Meet the 2020 SPS Outstanding Chapter Advisor: Dr. Robert McTaggart

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Singularities - Profiles in Physics

Meet the 2020 SPS Outstanding Chapter Advisor: Dr. Robert McTaggart


Kendra Redmond, Editor

The SPS Outstanding Chapter Advisor Award is the most prestigious award given by SPS, bestowed annually on the basis of the leadership, student leadership development, support, and encouragement the advisor has provided to their chapter. For his leadership and guidance of the SPS chapter at South Dakota State University, Dr. Robert Taggart is the 2019–20 SPS Outstanding Chapter Advisor.

McTaggart prepares for class. Photo courtesy of South Dakota State University.As an undergrad at West Virginia University, Robert McTaggart spent time working in Professor Mark Koepke’s plasma physics lab. McTaggart looks back with fondness. “I appreciated the comradery there. Pizza on Fridays was always the best. It sounds simple, but sometimes just being included matters.”

Being included matters a lot, as McTaggart’s students at South Dakota State University (SDSU) attest. In a letter nominating McTaggart for the Outstanding Advisor Award, one student noted, “Dr. McTaggart always encouraged us to participate in all physics, astronomy, and nuclear-science-related activities on and off campus during our freshman year. As a result, almost all of the students in our freshman physics seminar class joined the SPS club.”

Under McTaggart’s leadership, SPS has become one of the most active and visible student groups at SDSU. Among other recent accomplishments, in 2018 the chapter hosted a Zone 11 meeting for the first time in 25 years, with great success. The chapter has grown increasingly active in SPS nationally and is currently studying lithium-ion battery technology under a 2019–20 SPS Chapter Research Award. Planning is already underway to get students from South Dakota to Washington, DC, for the 2022 Sigma Pi Sigma Physics Congress—no easy feat for a chapter without a history of fundraising.

McTaggart has an open-door policy that’s reflected in the SPS chapter. “[SPS provides] a welcoming place where you do not have to apologize for being who you are, and others understand the issues you are dealing with,” McTaggart says. He doesn’t say that from a safe distance—he’s been on the road trips. “You learn a lot about your students when you travel with them to a regional SPS meeting. That is always worth it, and we laugh a lot.”

After graduating from West Virginia University, McTaggart earned a PhD in particle physics at Penn State. He jumped into teaching even before graduating, filling an emergency opening while completing his thesis. From there he took a lecture position, then a visiting assistant professorship, and then a tenure-track position at SDSU. “I have tended to go where physics has taken me,” he explains.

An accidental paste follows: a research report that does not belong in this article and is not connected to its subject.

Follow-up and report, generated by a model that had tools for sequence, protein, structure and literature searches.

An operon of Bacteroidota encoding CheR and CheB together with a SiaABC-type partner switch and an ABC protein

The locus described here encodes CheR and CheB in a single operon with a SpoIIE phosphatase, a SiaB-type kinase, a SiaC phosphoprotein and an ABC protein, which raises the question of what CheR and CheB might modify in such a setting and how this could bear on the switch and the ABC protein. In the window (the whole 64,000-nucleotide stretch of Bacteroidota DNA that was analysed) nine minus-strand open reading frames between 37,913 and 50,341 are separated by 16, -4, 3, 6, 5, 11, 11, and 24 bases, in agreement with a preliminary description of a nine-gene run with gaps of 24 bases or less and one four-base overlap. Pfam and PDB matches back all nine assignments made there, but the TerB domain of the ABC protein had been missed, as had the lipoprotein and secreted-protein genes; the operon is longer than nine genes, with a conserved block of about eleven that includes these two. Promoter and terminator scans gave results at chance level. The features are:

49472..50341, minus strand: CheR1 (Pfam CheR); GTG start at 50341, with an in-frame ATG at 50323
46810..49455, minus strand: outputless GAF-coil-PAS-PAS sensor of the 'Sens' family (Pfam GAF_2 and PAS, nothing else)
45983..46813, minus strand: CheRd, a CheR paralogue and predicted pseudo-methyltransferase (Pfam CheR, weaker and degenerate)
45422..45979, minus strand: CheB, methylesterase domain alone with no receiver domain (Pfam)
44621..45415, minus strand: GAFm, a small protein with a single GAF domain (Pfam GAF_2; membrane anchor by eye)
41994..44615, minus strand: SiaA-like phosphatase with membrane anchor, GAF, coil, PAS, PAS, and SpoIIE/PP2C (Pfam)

In addition to teaching and mentoring, McTaggart is coordinator of nuclear education at SDSU, overseeing a minor in nuclear engineering. He studies the irradiation of materials and devices and is working on the simulation of a space-based neutrino detector. McTaggart also oversees several undergraduates working on health physics and medical physics research projects.

When he’s not doing physics, you’re likely to find McTaggart cheering on the SDSU wrestling team or working in his prairie garden. He enjoys the communal aspect of wrestling, the excitement and school spirit it promotes, and aims to foster that spirit within the SPS chapter. Gardening offers a way to experience the natural world and absorb what it has to offer. In some ways, McTaggart’s approach to working with students is similar to the way he approaches a new prairie plant. “Put it in a nice spot, where it gets some sun, some rain, and it just takes off.”

“Outstanding” Advice
To students, McTaggart says, “There are so many leadership opportunities available in SPS to develop a really strong and unique resume. If the title of a desired job includes ‘engineering,’ you should definitely apply to it as a physics major who has shown leadership in SPS.”
To advisors, “The chapter report is an undervalued asset. It is a great opportunity to communicate all of the good things the chapter has done to the department head, dean, and the administration, if not the public.”

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